AATL certificates for trusted PDF signing and Adobe Reader
Certificates for trusted PDF signature (AATL) are used to sign documents in Adobe Reader. A trusted PDF signature requires a special type of certificate. A signature made with an AATL certificate is fully trusted in Adobe Acrobat.
What is it?
The Adobe Approved Trust List is a program that allows millions of users around the world to create digital signatures that are trusted whenever the signed document is opened in Adobe® Acrobat® or Reader® software. Essentially, both Acrobat and Reader have been programmed to reach out to a web page to periodically download a list of trusted "root" digital certificates. Any digital signature created with a credential that can trace a relationship ("chain") back to the high-assurance, trustworthy certificates on this list is trusted by Acrobat and Reader (source: Adobe.com).
Using AATL certificates for PDF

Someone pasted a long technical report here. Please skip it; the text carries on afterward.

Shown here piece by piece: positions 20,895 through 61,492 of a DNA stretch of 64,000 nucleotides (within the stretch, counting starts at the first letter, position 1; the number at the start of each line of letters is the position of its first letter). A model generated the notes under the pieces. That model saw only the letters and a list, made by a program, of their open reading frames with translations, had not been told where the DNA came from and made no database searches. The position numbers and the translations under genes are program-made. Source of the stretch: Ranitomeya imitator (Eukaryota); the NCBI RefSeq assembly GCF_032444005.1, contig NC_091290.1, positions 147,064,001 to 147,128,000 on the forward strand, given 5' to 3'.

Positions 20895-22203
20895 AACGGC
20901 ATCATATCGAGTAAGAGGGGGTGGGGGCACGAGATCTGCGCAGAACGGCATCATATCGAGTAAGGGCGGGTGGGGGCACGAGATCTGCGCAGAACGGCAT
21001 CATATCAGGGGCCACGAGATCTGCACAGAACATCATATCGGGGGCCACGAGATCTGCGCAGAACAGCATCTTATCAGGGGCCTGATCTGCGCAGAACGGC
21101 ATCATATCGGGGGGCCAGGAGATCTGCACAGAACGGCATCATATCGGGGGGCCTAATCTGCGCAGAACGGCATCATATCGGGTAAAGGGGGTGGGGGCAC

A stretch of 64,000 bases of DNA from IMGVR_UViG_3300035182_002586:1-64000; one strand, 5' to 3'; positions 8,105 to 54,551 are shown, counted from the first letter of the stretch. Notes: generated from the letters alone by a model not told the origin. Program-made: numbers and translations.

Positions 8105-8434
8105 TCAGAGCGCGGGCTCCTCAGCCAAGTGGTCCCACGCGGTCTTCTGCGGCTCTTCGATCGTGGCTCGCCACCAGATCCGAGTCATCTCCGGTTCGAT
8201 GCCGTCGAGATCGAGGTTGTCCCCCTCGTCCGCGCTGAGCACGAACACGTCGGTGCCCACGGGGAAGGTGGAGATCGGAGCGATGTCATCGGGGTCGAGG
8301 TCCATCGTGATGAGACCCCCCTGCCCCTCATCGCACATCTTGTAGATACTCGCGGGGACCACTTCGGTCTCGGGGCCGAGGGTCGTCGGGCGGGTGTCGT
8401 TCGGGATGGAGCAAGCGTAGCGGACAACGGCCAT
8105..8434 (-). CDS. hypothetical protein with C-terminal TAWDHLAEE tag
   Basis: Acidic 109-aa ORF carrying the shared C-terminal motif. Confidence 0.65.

A document’s electronic signature proves its origin and integrity from the moment it has been signed.
Using AATL certificates are directly required by Adobe for trusted PDF document signing (Adobe has special issuing requirements, see below). If you use a different signature, it will not be trusted in this program and the reader will receive an error. You can sign documents directly in Adobe Reader (no special software us required) by using an AATL electronic signature certificate (which must be stored on HW token).
Getting the AATL certificate
Adobe has special requirements on electronic signature certificates. They must be stored on a secure device, so they are issued exclusively on a token or smart card. To obtain a certificate, you must complete the form, send it to the CA and sign it with the CA representative (eg during a video call). An alternative is a document certified by a notary, which is sent by the certification authority to the certificate’s applicant.
What does a document signature look like in practice?
The screenshot below shows an example of signing an office document.
You can immediately send the newly signed document to the recipient who will know who it was from and that document has not been changed since it was signed.